Supreme Court of Appeal decision on whether grapes delivered to a co-operative winery, pressed and pooled, constitute produce held and not disposed of for purposes of the First Schedule to the Income Tax Act

  • taxpayer derived a portion of his taxable income from wine farming. In particular, he received payments from a co-operative winery (the “co-op”) in respect of grapes which he delivered to the co-op for the purpose of being made into wine.
  • The South African Revenue Service (“SARS”) assessed the taxpayer on the basis that the grapes that he had already delivered to the co-op constituted “produce held and not disposed of at the end of the year of assessment” in terms of paragraph 3 of the First Schedule (“First Schedule”) to the Income Tax Act.
  • The Tax Court’s decision was in favour of SARS, whereafter the taxpayer took the matter on appeal to the Supreme Court of Appeal (“SCA”). The issues on appeal to the SCA were as follows:
    • whether the income received by the taxpayer, which is generated by the sale of wine, constitutes income “derived from agricultural or farming operations” for the purposes of section 26 of the Income Tax Act;
    • whether the pressing of the grapes resulted in them no longer constituting “produce” in terms of paragraph 2 of the First Schedule; and
    • if the pulp did constitute “produce”, whether the subsequent pooling of the pulp, with the pulp belonging to other members of the co-op, resulted in it no longer constituting “produce held and not disposed of” by the taxpayer.
  • With regard to the first issue, the SCA held that wine farming consists of a number of different operations, and that the transformation of grapes into wine does not remove the income from the sale of such wine from the ambit of income derived from agricultural operations.
  • With regard to the second issue, the SCA held that regarding the nature of the product, it could not be said that such extensive processing had occurred that the grapes had lost their identity by being mixed with numerous other commodities and survived only as an inseparable part of a factory product. Moreover, the context in which “produce” was to be considered for purposes of the First Schedule was essentially similar to that of the trading stock provisions in section 22 of the Income Tax Act. In this regard, the SCA held that the rationale for such provisions was to provide for a more accurate estimate of profit or loss for purposes of tax calculations. Given the period of time between the incurral of expenditure and the accrual of income in wine farming, it would not be sensible if grapes were excluded from the meaning of produce as soon as they were pressed at the co-op.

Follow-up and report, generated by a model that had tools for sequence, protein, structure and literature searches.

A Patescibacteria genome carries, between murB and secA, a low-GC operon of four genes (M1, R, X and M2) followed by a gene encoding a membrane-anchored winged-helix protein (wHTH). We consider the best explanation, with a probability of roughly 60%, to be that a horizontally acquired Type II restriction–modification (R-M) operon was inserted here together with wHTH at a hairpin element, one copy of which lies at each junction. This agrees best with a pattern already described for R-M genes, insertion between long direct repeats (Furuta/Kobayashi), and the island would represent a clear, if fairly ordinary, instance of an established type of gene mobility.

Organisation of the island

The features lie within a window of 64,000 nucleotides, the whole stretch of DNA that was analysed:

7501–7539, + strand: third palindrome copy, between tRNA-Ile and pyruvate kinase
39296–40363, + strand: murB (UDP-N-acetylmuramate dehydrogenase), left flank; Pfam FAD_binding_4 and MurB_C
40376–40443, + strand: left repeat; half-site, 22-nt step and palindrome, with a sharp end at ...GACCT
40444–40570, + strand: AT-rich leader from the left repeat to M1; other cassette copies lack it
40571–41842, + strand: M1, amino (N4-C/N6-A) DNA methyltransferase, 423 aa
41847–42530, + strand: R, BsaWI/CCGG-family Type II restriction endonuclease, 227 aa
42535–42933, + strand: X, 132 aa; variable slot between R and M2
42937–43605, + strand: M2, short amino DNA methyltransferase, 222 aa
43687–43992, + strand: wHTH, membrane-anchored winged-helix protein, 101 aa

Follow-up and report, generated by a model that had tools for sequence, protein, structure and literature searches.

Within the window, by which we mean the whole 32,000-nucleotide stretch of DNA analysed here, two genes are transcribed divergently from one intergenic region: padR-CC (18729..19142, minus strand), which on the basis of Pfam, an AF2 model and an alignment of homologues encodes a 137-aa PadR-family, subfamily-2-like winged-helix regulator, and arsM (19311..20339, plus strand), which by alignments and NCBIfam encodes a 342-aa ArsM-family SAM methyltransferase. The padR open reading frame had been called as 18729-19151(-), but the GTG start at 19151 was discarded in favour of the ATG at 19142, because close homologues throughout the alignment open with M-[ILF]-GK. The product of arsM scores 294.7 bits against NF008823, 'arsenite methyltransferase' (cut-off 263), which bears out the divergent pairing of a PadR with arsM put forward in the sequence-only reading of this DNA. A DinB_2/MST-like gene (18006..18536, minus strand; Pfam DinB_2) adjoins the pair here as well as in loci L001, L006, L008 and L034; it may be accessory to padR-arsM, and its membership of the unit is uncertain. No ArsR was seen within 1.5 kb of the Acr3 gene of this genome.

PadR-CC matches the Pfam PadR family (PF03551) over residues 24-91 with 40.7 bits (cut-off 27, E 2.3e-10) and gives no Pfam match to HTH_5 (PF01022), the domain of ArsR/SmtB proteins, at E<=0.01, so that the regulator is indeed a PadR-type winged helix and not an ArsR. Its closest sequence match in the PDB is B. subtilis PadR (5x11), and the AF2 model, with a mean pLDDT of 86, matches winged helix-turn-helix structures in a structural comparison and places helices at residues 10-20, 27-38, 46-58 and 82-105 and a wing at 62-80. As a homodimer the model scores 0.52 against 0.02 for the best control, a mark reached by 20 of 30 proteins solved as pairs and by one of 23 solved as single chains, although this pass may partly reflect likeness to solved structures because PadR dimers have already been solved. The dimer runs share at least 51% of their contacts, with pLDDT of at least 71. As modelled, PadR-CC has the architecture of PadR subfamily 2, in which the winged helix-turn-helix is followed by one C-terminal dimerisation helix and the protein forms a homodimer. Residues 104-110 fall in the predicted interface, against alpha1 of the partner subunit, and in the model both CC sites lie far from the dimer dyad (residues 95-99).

• With regard to the third issue, the SCA held that ownership of the grapes was never transferred to the co-op. The taxpayer simply became owner of an undivided share in the pooled grape pulp. The payments he received from the co-op were his pro rata share of the proceeds of the sale of the wine, less marketing and production fees due to the co-op. The produce was therefore never disposed of by the taxpayer.
  • On this basis, the SCA concluded that the decision of the Tax Court had been correct and the appeal was dismissed.
  • Find a copy of the judgment here.